||1987, 1989, 1992
||1990, 1994, 1999
|Dale Earnhardt, Jr.
Multiple winners (manufacturers) 
||1977, 1984, 1990, 1993, 1994, 1996, 1999, 2000, 2001, 2002, 2003, 2004, 2005, 2006, 2007, 2009, 2010, 2011
||1975, 1976, 1979, 1985, 1987, 1989, 1992, 1995, 1997, 2013
||1971, 1972, 1973, 1974
||1978, 1980, 1988, 1991
||1981, 1982, 1986
Notable races 
- 1971: The first Talladega race under Winston sponsorship. Donnie Allison edged Bobby Allison and Buddy Baker for the win; this was Bobby's first race with Holman-Moody since 1967.
- 1973: A massive accident eliminated some 20 cars, leaving David Pearson to ride home almost uncontested.
- 1975: The race featured the first win for Buddy Baker since 1973 and the first Winston Cup Grand National win for team owner Bud Moore since 1971. Tragedy struck on Lap 149 when race leader Richard Petty pitted with a burning wheel bearing; his brother-in-law Randy Owens was killed when he fitted a hose to a pressurized water tank and the tank exploded.
- 1976: Baker became the first driver to win a 500 mile race in under three hours. He drove Bud Moore's Ford to the win in 2 hours 56 minutes.
- 1977: The race produced 63 official lead changes and a four-car scramble on the final lap. Darrell Waltrip had the lead and on the last lap swung low to break the draft; Cale Yarborough blew past Donnie Allison and swung high on Waltrip; Waltrip sideswiped Cale and Benny Parsons dove low and raced Cale all the way to the stripe.
- 1984: The race has exceeded 40 official lead changes 18 times. In 1984 a motor sports record of 75 lead changes was set, but this record was broken in 2010 as the lead changed 88 times; this record was tied in 2011. The race was won by Cale Yarborough on a last-lap pass of Harry Gant.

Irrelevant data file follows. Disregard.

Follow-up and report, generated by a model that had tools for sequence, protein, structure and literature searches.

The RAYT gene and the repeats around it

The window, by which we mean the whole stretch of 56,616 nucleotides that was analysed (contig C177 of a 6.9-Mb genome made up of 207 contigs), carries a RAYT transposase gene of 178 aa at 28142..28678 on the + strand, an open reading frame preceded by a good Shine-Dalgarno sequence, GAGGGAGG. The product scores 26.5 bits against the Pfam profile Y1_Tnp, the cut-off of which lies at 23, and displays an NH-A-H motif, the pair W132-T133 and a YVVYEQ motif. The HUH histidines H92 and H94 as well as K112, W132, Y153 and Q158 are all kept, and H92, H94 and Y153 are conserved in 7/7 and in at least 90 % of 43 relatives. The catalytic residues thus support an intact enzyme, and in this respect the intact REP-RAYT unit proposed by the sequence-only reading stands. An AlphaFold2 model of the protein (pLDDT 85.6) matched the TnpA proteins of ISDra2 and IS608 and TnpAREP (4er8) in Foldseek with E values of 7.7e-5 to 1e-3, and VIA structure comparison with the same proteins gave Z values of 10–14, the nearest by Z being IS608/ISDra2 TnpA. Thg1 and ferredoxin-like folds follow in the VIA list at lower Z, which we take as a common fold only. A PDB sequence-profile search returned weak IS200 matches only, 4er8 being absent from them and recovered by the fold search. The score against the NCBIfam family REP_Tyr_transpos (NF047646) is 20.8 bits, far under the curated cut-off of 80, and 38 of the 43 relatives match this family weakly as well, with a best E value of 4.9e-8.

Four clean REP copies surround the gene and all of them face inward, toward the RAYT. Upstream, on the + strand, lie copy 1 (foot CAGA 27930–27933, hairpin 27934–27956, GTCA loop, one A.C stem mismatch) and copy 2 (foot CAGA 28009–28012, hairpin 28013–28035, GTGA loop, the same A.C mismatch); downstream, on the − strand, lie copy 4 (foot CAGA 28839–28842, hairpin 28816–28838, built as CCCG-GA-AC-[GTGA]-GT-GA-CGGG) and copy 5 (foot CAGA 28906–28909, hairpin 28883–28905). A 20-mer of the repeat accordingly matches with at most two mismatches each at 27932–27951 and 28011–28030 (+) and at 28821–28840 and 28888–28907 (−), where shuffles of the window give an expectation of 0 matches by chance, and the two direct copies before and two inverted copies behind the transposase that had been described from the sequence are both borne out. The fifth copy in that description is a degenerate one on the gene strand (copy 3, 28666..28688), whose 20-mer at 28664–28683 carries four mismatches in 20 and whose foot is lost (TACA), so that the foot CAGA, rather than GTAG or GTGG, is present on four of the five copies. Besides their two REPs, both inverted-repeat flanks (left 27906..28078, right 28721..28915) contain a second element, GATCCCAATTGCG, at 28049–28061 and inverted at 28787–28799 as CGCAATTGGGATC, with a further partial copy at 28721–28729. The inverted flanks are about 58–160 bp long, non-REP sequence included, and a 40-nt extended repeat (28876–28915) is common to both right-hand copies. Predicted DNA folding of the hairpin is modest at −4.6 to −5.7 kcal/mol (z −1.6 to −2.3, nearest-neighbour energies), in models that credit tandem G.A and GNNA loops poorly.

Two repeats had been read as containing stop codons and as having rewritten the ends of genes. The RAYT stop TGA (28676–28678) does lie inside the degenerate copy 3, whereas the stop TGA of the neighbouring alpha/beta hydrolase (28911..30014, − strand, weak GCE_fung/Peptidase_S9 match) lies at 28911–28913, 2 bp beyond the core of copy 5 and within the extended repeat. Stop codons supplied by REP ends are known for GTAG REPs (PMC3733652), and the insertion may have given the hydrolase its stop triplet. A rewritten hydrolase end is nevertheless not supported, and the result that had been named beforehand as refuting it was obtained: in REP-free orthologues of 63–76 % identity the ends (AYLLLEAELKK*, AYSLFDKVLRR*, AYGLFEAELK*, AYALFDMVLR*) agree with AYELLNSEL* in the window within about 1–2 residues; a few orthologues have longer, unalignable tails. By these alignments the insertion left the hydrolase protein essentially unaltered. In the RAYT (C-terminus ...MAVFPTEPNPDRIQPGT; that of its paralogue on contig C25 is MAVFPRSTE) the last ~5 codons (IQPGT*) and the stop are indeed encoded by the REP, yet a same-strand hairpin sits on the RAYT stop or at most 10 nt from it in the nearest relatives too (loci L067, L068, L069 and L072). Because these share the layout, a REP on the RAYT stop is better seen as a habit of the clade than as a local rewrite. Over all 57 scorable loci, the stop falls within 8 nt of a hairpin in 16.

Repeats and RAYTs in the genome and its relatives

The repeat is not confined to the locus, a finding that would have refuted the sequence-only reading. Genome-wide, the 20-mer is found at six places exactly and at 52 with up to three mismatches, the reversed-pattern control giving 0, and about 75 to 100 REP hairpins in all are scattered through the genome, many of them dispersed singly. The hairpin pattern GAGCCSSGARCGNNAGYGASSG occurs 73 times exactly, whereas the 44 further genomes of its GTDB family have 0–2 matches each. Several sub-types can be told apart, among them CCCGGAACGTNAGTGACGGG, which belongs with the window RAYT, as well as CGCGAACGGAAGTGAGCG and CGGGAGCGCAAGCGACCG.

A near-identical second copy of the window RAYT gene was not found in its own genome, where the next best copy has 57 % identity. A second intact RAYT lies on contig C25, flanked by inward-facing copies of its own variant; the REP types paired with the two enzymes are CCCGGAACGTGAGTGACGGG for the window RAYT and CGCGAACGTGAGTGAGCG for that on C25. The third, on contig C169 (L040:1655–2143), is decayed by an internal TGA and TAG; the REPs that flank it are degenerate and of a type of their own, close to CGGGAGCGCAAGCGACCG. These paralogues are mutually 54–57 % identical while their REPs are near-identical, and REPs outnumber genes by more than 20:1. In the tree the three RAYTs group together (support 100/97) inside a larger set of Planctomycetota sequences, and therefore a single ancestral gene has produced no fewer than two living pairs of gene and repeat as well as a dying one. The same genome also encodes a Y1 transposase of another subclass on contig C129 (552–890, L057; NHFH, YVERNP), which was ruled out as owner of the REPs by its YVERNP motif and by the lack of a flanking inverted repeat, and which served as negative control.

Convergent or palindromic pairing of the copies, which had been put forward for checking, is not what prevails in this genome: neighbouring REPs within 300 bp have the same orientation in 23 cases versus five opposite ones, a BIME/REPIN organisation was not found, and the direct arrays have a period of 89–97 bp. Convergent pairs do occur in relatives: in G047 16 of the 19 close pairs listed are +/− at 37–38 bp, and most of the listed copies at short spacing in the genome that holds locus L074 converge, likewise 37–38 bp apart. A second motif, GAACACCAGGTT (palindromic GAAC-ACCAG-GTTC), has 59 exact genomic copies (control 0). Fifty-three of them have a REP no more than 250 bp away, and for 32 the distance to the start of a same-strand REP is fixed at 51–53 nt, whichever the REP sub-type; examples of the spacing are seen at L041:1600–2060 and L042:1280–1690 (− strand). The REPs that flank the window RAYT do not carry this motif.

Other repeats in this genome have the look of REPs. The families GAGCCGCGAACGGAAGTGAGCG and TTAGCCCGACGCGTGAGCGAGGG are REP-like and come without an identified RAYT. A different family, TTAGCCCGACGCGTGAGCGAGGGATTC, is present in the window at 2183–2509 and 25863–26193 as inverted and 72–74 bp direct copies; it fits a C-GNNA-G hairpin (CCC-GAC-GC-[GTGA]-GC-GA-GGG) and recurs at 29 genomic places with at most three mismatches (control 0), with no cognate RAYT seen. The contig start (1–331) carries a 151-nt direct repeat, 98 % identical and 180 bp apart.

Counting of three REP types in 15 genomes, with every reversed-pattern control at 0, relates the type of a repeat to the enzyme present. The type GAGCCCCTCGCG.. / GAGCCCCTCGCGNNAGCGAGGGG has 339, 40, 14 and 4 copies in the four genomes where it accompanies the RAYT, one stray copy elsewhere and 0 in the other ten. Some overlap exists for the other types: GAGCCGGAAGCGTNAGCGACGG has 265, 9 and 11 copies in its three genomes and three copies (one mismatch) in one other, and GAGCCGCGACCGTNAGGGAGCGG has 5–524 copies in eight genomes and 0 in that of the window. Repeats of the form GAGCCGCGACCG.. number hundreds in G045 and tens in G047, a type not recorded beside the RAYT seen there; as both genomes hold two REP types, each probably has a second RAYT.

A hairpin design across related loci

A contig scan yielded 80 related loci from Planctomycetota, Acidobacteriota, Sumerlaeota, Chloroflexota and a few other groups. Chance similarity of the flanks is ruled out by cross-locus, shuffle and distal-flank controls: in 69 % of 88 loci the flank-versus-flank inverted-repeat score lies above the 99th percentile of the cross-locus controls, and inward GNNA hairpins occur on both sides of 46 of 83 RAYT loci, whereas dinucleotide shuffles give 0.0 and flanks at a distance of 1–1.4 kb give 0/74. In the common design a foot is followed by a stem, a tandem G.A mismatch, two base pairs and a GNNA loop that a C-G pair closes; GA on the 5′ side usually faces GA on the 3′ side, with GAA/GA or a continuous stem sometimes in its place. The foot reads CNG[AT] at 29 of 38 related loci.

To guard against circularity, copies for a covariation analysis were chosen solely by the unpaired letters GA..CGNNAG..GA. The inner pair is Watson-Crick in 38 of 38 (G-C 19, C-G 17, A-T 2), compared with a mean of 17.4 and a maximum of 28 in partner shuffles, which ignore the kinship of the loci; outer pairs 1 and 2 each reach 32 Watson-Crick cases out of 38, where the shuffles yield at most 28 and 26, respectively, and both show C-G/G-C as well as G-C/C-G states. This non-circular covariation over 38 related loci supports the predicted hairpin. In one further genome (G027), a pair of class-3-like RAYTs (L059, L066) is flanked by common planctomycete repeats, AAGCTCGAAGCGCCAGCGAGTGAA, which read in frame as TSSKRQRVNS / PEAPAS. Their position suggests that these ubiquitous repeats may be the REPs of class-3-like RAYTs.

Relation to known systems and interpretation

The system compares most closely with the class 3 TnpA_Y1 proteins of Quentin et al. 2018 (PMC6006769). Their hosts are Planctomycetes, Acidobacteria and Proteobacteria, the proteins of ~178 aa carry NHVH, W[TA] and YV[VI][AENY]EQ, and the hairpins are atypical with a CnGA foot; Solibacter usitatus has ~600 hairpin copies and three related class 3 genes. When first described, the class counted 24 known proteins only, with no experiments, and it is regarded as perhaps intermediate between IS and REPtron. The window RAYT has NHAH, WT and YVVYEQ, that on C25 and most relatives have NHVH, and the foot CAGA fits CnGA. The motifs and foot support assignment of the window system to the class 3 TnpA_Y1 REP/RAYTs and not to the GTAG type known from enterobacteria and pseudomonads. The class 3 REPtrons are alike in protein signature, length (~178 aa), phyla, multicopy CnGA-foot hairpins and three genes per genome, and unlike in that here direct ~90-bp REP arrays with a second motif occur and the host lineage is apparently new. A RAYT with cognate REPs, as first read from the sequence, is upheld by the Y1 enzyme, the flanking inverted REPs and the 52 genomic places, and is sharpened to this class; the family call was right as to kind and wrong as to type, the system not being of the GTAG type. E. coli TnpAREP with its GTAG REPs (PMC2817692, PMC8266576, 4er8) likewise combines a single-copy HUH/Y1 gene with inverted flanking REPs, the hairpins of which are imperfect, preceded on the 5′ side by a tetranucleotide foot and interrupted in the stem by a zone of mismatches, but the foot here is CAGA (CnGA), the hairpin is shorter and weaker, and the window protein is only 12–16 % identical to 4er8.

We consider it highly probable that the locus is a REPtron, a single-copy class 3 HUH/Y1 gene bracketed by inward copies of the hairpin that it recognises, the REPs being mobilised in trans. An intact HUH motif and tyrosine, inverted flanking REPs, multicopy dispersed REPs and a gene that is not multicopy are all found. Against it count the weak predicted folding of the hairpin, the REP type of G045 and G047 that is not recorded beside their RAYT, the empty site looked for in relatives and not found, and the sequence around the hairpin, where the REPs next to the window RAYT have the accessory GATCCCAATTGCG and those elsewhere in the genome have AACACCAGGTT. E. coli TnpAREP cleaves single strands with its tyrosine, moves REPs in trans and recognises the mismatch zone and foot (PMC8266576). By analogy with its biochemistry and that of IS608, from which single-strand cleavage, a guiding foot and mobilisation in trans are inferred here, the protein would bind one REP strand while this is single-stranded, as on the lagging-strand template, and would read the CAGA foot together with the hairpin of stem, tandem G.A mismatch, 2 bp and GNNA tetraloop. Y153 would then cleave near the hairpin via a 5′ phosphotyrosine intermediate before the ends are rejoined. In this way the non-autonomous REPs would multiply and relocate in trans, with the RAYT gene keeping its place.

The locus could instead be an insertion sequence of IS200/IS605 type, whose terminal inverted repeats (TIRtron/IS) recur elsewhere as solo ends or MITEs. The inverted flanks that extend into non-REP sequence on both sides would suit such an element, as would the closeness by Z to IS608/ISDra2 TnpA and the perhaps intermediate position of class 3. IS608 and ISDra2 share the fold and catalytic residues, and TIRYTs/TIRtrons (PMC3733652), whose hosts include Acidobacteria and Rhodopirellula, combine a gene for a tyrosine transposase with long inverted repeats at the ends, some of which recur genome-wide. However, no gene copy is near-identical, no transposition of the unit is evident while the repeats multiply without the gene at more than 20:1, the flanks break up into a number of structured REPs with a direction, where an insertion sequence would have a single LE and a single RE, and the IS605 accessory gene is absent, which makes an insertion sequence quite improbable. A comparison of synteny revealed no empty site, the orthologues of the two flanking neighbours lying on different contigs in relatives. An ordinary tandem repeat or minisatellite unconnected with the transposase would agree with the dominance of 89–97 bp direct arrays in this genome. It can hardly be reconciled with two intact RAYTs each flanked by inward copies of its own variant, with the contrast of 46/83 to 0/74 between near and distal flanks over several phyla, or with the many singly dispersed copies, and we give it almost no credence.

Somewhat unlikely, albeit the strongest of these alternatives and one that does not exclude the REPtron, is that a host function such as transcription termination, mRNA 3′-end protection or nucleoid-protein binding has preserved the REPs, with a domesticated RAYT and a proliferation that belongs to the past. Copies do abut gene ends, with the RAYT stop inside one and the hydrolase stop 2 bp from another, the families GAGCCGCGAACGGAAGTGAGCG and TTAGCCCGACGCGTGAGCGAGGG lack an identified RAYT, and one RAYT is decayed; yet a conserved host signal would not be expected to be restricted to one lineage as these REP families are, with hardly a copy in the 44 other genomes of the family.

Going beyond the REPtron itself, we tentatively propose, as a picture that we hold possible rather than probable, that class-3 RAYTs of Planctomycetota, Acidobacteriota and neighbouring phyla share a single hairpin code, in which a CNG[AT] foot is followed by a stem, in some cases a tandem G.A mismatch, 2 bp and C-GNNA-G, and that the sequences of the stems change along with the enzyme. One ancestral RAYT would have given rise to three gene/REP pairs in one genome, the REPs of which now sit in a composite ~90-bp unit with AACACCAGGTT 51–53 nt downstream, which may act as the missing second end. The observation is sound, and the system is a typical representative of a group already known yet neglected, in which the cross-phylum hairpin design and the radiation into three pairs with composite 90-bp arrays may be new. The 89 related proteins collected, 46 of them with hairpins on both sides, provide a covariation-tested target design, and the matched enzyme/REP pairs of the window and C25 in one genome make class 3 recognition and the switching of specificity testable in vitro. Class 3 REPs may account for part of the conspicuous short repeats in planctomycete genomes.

- 1987: On lap 22, Bobby Allison (Driving the Stavola Brothers #22 Buick) cut a tire and his car went airborne into the catch fencing in front of the main grandstand. Some 100 feet of the fence was sheared off and Allison's car rebounded back to the track. The race was red-flagged, and track crews spent some two hours repairing the safety fence. Despite the wreckage, no drivers or spectators were seriously injured. As a direct result, the next superspeedway race (the 1987 Firecracker 400 at Daytona), saw the cars using smaller carburetors in an effort to curtail speeds. Starting in 1988, all races at Daytona and Talladega saw mandated carburetor restrictor plates, which are still used today.
- 1991: The race was delayed until Monday due to Sunday rains. A massive battle for the lead erupted into a 20-car crash near halfway when pole-sitter Ernie Irvan got into Kyle Petty and Mark Martin; Petty suffered a shattered leg when he was hit in the door by Chad Little. The race was red-flagged for nearly an hour. Harry Gant won the race on a controversial drafting push by teammate Rick Mast who was a lap down.
- 1993: The last lap saw a ferocious scramble where Ernie Irvan stormed past Dale Earnhardt on the final lap. Rusty Wallace roared to third then was spun out on the front straight Earnhardt, and Wallace shot off the ground and tumbled violently across the finish line, similar to his Daytona crash in the same year. The win was Irvan's final win for Morgan-McClure Motorsports.